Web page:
A Life of William Shakespeare, by Sidney Lee The Project Gutenberg eBook, A Life of William Shakespeare, by Sidney Lee This eBook is for the use of anyone anywhere at no cost and with almost no restrictions whatsoever.
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Before passing to the next scene, I will remind the regular students and the special education ones about the motives that lead Macbeth to order the assassination of Banquo. I will also give them a few details about how both Macbeth and Lady Macbeth start feeling unhappy and more fearful. At first Lady Macbeth helps her husband by dismissing his vision of Banquo's ghost during a dinner, but soon after she herself is haunted by the vision of the hands all covered in blood. A brief discussion of Lady Macbeth and the possible reasons that caused this major change in her character will follow. Was Lady Macbeth a strong or a weak woman? Why? I will also ask them to write a response in which they compare and contrast the causes and effects of Lady Macbeth's reaction and her husband's reaction. I also expect them to connect this situation in the Shakespearean tragedy to any actual fact in order to understand that Shakespeare's work is not disconnected from reality. It presents and analyzes the human being and the outcomes of his/her actions. Before concluding this tragedy, I want my students to spend some time discussing the difference that Macbeth and Lady Macbeth noticed in the way they are rewarded by Duncan, their king. I also want them to analyze its consequences on the two main characters. This is an important aspect of this unit because my students need to see not only how Shakespeare identified the difference but also his teaching about the outcomes since both aspects together make his moral universal and still valid.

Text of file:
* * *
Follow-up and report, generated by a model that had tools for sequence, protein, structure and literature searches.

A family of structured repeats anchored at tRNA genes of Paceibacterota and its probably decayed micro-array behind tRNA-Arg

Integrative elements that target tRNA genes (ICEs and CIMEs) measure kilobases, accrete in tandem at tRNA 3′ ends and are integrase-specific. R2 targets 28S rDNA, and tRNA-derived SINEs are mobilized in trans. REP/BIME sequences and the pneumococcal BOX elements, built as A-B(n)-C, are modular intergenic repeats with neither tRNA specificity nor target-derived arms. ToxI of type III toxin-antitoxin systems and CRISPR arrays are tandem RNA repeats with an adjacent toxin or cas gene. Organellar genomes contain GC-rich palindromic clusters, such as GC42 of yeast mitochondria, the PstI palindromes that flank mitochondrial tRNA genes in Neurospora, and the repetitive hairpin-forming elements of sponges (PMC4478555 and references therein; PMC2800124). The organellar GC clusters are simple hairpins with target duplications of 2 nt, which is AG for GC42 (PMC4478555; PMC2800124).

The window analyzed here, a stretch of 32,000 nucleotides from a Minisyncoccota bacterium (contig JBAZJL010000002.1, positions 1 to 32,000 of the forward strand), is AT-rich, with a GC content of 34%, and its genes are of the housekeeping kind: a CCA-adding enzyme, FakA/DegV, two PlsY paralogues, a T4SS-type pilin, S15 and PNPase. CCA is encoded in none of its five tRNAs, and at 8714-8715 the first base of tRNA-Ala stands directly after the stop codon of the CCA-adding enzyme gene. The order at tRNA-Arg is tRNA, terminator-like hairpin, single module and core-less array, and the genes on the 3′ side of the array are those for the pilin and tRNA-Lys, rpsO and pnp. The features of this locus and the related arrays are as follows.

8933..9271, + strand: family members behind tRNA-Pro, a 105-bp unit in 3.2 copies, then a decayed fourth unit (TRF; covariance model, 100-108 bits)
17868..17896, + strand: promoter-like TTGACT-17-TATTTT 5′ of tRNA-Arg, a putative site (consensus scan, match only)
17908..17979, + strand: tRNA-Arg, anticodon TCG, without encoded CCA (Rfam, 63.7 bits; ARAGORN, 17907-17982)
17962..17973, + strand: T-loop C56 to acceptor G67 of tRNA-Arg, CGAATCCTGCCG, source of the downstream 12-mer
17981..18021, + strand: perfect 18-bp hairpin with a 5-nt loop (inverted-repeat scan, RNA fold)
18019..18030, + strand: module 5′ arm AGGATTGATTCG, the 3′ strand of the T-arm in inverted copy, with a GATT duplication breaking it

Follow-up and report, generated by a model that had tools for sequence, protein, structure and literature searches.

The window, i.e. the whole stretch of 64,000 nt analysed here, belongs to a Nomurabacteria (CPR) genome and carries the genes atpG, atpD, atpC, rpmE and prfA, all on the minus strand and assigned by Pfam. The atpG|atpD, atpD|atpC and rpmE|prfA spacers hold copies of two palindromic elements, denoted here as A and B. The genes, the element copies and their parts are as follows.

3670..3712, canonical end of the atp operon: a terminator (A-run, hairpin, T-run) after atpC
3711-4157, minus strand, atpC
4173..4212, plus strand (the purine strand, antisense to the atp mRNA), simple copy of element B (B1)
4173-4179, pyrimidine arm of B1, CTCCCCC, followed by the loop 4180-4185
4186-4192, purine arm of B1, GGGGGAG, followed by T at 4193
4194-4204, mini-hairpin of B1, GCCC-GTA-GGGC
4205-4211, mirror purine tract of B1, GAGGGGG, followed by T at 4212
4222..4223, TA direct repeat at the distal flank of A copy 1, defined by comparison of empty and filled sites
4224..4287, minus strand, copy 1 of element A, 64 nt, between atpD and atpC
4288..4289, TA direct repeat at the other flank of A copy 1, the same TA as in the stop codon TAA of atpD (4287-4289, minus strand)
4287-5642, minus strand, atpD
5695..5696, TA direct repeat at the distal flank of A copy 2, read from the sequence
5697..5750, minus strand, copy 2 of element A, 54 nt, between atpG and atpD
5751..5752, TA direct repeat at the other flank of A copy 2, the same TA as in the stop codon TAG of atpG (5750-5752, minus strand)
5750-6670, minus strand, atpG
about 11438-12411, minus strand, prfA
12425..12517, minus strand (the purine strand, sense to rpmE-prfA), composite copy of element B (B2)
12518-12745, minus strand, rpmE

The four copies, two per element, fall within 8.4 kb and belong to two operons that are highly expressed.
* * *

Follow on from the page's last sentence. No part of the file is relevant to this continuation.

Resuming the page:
William Shakespeare, a review of the independence and failure of macbeth in william shakespeares macbeth Macbeth. The Tragedy of Macbeth…